Harry, last but by no means least, you say “It’s not enough to don your Superhero mask and say you want to help the poor to validate your social worthiness credentials.”

    Absolute ad hom. Again Harry, it is your idealogy on display. Smelt it, dealt it as the kids say.

    I sincerely appreciate yours and others comments as I learn as much about myself as I do about – what is the topic again? Oh, some “tax policy”

    And +1 Harry for your statement “Generally you do want to use economic theory to tell you how to realise your explicit redistributional taxes so as to be effective.”, yet by my reading that statement undermines most of the rest of your comment.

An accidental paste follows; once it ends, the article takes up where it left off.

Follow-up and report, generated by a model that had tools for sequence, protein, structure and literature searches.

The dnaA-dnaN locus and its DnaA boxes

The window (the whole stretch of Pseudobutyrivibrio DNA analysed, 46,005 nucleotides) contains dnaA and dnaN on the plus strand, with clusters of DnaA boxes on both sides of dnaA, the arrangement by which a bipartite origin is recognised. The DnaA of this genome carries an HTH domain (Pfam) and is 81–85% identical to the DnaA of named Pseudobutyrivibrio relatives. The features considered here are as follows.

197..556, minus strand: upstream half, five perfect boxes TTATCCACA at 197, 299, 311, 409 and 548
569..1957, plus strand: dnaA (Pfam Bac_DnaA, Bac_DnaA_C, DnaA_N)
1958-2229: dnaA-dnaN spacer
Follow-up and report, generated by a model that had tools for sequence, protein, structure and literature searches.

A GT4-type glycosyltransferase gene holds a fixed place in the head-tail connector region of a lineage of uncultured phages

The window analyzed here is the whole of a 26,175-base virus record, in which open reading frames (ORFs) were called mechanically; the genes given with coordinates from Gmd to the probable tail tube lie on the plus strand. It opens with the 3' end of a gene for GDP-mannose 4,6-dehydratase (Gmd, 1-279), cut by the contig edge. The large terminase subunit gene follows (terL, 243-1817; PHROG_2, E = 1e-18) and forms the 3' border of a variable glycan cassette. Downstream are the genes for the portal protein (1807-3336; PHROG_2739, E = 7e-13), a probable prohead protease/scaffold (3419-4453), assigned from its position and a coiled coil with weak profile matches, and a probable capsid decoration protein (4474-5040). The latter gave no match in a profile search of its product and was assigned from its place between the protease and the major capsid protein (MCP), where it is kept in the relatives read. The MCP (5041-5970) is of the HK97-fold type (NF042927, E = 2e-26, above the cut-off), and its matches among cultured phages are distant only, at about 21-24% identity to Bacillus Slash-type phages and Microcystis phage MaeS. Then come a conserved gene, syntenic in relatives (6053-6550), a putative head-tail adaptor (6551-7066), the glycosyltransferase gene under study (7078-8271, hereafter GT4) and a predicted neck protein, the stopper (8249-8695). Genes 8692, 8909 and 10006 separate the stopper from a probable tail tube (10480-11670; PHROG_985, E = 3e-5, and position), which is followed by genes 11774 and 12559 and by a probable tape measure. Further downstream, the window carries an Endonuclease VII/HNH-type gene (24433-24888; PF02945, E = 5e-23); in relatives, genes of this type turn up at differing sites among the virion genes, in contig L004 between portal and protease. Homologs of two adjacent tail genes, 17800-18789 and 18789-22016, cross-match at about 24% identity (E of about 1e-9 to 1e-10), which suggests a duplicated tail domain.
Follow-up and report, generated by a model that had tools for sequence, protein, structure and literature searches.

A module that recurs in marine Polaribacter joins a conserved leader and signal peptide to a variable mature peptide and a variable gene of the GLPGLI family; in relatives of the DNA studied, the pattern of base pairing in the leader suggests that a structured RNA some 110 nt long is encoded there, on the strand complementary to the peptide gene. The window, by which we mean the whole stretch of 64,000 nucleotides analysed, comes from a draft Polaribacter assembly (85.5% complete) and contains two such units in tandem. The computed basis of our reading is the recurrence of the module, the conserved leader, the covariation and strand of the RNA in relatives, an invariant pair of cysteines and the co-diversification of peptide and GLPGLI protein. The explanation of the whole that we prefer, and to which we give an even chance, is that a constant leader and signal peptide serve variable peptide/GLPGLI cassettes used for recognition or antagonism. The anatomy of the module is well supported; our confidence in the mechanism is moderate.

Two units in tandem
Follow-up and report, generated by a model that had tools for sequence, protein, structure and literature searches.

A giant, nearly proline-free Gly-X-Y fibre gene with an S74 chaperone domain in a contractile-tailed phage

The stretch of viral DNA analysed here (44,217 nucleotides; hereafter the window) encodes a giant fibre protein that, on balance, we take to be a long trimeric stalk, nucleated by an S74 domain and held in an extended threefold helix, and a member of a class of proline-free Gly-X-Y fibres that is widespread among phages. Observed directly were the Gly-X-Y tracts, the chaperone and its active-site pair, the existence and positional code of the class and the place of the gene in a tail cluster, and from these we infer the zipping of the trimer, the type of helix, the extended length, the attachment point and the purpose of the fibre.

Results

*

    J-D says at 7:50 pm
    HC: “I am interested in how ideological the responses to my claims are.”

    J-D: “I don’t think you are. I think that statement is a rhetorical signal that you are prepared in advance for an automatic rejection of any failure to agree with your claims as ideologically motivated.”
    +1
    *

    Ikonoclast at 9:52 am
    “Satisfaction of vanity has no upper marginal limit, apparently.

    “But the true issue lies with the acquisition of power. There is no theoretical upper limit to relative power differentials and possession of financial capital is a direct measure and instantiation of power differences between humans in this system.”

    +1. See Citibank founder example.
    *

    akarog at 2:25 am
    HC: “ Mr. Frugal invests most of what he earns and raises the wages of workers through capital investments”
    akarog: “Ha ha”
    +1

    Again indicating ideology or at best Economics in One Lesson.